Whether a vigorous Syrian response to Israel will, however, push the U.S.'s hand further towards military intervention is another question. As the Guardian noted, "Syria continues to ratchet up its rhetoric [against Israel] following the attack. State media quoted prime minister Wael al-Halki as saying: 'Syria would not forgive us all if we hesitated in defending it.'"
The extent of retaliation at present has been mortar bombs lobbed at the Israeli-occupied Golan Heights (an area into which the Syrian civil war has over-spilled for some months anyway.) But reports the AP, Assad's regime has given Palestine the go-ahead to attack Israel. “Syria has given the green light to set up missile batteries to directly attack Israeli targets,” Anwar Raja of the Damascus-based Popular Front for the Liberation of Palestine-General Command told the AP.
The possibility of the U.S. providing arms to select rebels has also gained some greater traction, as Sen. Robert Menendez, D-N.J., introduced a bill that would see the U.S. providing weapons to groups who had been vetted on issues of human rights, terrorism and arms proliferation.
Chemical weapons claims challenged
Both the U.S. and the U.N. have challenged recent claims that rebel groups might have used the nerve agent sarin, the Guardian noted. "We are highly sceptical of any suggestions that the opposition used chemical weapons," said White House spokesman Jay Carney. "We think it highly likely that Assad regime was responsible but we have to be sure about the facts before we make any decisions about a response." Carney was responding to claims made by Carla del Ponte, a member of the United Nations’ Independent International Commission of Inquiry for Syria and a former war crimes prosecutor, who told Swiss television on Sunday that “according to the testimonies we have gathered, the rebels have used chemical weapons, making use of sarin gas.”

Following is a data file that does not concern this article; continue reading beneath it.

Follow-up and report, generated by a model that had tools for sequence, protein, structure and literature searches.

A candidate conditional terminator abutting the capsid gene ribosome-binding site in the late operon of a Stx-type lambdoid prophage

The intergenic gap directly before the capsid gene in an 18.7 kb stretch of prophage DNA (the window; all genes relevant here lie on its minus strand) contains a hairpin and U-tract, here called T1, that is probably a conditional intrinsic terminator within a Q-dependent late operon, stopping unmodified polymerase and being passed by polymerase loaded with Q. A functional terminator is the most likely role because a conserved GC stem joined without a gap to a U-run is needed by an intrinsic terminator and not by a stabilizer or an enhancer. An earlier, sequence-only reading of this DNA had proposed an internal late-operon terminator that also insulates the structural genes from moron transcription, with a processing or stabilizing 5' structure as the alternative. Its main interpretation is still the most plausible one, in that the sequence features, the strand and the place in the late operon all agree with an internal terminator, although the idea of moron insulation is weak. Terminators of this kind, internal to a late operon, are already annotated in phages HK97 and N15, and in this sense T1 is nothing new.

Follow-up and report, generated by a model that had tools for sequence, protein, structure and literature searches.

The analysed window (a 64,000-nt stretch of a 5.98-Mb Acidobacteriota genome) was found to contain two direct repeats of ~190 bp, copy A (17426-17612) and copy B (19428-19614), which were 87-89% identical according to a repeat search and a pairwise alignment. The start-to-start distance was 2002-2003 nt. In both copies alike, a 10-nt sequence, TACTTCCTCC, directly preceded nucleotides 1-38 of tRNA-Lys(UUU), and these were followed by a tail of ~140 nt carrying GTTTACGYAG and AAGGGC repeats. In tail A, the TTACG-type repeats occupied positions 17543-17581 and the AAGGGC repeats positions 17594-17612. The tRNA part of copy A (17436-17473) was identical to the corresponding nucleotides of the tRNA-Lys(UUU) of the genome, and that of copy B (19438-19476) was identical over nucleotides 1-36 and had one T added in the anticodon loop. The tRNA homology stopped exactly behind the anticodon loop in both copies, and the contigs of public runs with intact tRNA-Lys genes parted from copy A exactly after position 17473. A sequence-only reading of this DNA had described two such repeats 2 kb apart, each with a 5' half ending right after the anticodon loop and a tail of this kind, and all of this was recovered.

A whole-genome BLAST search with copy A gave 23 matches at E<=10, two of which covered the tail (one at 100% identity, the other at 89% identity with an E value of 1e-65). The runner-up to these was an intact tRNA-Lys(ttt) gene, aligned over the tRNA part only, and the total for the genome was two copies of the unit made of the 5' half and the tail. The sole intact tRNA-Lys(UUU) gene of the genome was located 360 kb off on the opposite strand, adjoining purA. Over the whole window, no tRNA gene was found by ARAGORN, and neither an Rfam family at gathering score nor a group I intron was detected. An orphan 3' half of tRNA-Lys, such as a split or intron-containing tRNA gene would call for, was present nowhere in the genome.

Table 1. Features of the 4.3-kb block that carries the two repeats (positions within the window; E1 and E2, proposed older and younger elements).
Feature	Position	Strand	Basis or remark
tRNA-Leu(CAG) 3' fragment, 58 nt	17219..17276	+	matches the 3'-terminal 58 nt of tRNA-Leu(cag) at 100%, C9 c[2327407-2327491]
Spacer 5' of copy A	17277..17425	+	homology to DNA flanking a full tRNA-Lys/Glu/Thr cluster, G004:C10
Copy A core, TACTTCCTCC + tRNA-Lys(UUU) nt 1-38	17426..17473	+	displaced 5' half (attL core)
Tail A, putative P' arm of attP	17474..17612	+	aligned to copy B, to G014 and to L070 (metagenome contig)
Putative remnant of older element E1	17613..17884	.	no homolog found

Meanwhile experts in Britain, France and Israel have also cast doubt on whether Assad's regime has even used chemical weapons and thus crossed Obama's "red line" for military intervention. Via McClatchy:
Existing evidence casts more doubt on claims of chemical weapons use than it does to help build a case that one or both sides of the conflict have employed them.
British officials now say they're uncertain how the few samples they’ve analyzed were gathered, handled and preserved.
The British defense secretary, Philip Hammond, told reporters in Washington last week that while that evidence led experts to suspect the use of sarin, a potent nerve gas, the samples were too degraded to be considered conclusive.
“We need hard evidence. The kind of evidence that would be admissible in court,” he told a briefing of defense reporters at the British Embassy. “For that evidence to have any chance of being admitted in court, it would need to have been collected under controlled conditions, secured through a documented chain of custody to the point where it was tested. We do not yet have samples that meet that standard of evidence.”
Turkish doctors over the weekend also cast doubt on another reported chemical attack, this one in the Syrian city of Saraqib, where rebels claimed some sort of chemical weapon had been dropped from helicopters.
Carney agreed that "the facts are not complete." As such, whether the "red line" has been crossed remains -- like so much of the situation in Syria -- uncertain.